Fitness Ver Gym To Achieve Fitness Goals Use Your Imagination

To Achieve Fitness Goals Use Your Imagination

Can your imagination help you achieve your fitness goals? Science says yes, and mental performance experts agree. When a study was published in the Journal of Imagery Research in Sport and Body Activity, it seemed almost incredible: a motivational intervention called Functional Imagery Training (FIT) allowed seven self-confessed non-runners to complete an Ultramarathon. In this article, we review recent research and ask a mental performance counsellor to weigh practical ways to apply imagery and visualization to our own workouts.


“An Ultramarathon requires both mental and body strength, even from people who run regularly,” says Jon Rhodes, lead researcher of the study and professor at the University of Plymouth, who has worked with professional well as this group of “non — runners”.”According to Rhodes, “[The study] shows that multisensory imaging is the main difference between those who reach the start line and then arrive at the finish and those who do not – showing it is essential to maintain change and push the limits of body and mental performance.”

By imagining the immediate (and near) future, an athlete retains his Motivation during the critical points of a race or training. For example, during a difficult workout, an athlete can imagine talking to her partner after in the day about how she climbed that hill with little effort. And the deeper your images are, the better: imagine yourself sitting on your terrace, sipping a steaming Cup of tea while telling your spouse about the awesome hike you had today or how proud you were to have completed your fifth long walk of the week. It feels good, doesn’t it? And this image, just when your hike or walk is getting difficult (or boring)!), can help you get through these difficult times.

“I like the term imagery because it refers to the use of a variety of meanings,” says Krista Chandler, a mental performance consultant in Ontario. “When people talk about using visualization, it simply means using a sense; seeing. But when we imagine something, we don’t just imagine something, we feel it. Imagining a workout, for example, could use some senses. We can hear ourselves breathing hard, we can taste the saltiness of the sweat running down, we can feel the wind on our skin, we can see ourselves finishing a standing workout. The more we can include the different senses in an image, the more effective this imagery will be.”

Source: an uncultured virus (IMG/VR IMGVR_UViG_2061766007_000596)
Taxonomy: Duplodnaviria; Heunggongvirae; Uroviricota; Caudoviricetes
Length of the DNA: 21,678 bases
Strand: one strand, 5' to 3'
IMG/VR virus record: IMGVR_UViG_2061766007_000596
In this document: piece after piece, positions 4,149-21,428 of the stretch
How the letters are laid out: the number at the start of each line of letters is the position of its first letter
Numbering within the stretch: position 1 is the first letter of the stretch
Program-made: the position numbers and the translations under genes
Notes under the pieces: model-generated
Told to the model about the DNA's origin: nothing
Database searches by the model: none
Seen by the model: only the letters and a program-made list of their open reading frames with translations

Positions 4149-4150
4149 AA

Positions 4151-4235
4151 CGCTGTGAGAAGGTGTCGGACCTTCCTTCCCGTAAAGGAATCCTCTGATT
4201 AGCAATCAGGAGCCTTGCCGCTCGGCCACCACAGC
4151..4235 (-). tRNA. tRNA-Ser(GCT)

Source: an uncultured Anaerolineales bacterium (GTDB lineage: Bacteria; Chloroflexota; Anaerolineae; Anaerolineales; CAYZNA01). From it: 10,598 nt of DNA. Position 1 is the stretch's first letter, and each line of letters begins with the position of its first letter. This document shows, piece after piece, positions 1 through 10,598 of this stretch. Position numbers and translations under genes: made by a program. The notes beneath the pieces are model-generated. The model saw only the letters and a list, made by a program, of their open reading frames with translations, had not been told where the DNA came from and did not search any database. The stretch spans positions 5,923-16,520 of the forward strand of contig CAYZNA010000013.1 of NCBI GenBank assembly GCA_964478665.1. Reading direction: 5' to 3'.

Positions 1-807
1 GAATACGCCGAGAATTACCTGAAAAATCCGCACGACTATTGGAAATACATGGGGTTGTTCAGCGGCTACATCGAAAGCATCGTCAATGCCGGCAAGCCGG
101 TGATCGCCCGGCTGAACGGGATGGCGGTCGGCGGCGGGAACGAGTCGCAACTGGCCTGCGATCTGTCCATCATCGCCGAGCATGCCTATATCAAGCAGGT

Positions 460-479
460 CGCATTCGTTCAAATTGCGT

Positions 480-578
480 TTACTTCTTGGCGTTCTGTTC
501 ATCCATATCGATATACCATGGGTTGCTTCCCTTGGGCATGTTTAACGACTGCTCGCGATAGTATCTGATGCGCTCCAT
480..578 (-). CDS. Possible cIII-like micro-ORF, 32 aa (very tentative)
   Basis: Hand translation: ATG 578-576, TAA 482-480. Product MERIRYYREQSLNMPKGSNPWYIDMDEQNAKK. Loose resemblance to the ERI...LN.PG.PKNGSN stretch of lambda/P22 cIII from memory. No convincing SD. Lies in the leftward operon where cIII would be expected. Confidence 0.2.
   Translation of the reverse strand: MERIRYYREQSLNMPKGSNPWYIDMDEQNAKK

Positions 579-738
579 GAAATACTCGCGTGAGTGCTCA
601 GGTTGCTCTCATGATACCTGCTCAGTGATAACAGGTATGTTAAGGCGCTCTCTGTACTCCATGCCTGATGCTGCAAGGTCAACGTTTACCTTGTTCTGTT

Instead of imagining yourself winning a Marathon, Chandler recommends using the general motivational championship function in pictures, which sounds intimidating, but simply means imagining yourself with a more focused, confident or mentally more difficult result at a difficult Moment. “That’s how I go out in the morning, I don’t feel like walking or running,” she says.

“The images are fantastic because we are all capable of doing it and we can improve it with practice,” says Chandler. “The children are really great in pictures because they always have a very active imagination. As matures, we don’t use this skill as often, so we have to train it a little.”She recommends starting with something simple to stimulate all the senses. “For example, imagine that you are eating a watermelon. Close your eyes and feel the watermelon in your hands. What is the weight of this; how does it feel? Feel the juice fall on your hand. Focus on the color, the brightness of this watermelon and the green of this skin. Imagine how sweet it is when you take the first bite and it feels like watermelon juice is running down your chin.”

Once you have mastered the watermelon (or whatever simple images you want to try!), you can focus on the Sport and maybe use images to go through a scenario where you get ready and go out to start your training. This helps them develop a functional equivalence, Chandler explains. “Basically, we create a plan in our heads that we can follow when it’s time to get up and do our workout,” she says. “The same neurons that fire when you do something bodily fire when you imagine it, although to a lesser extent. Essentially, you train your brain so that it is ready when you take action.”

Unfortunately, many people use images in a way that detracts from their goals and efforts rather than helping them. “It’s easy to focus on the negative and imagine how we did something wrong, and that can really hurt our self-confidence,” Chandler says. If a workout didn’t go your way or you haven’t walked all week, don’t prepare yourself by repeating these mistakes that are perceived as in your head. Instead, use pictures to think about how you could do things differently next time — like this afternoon! – to get back on track.

Final result

You can only practice images a few times a week to take advantage of them: think about spending time waiting in line at the grocery store to imagine yourself giving up your next workout or running successfully. Spend your time doing the dishes or folding the laundry to imagine yourself jumping out of bed with enthusiasm to start this race. You will be amazed at what your brain can persuade your body to do!

Leave a Reply

Your email address will not be published. Required fields are marked *

Related Post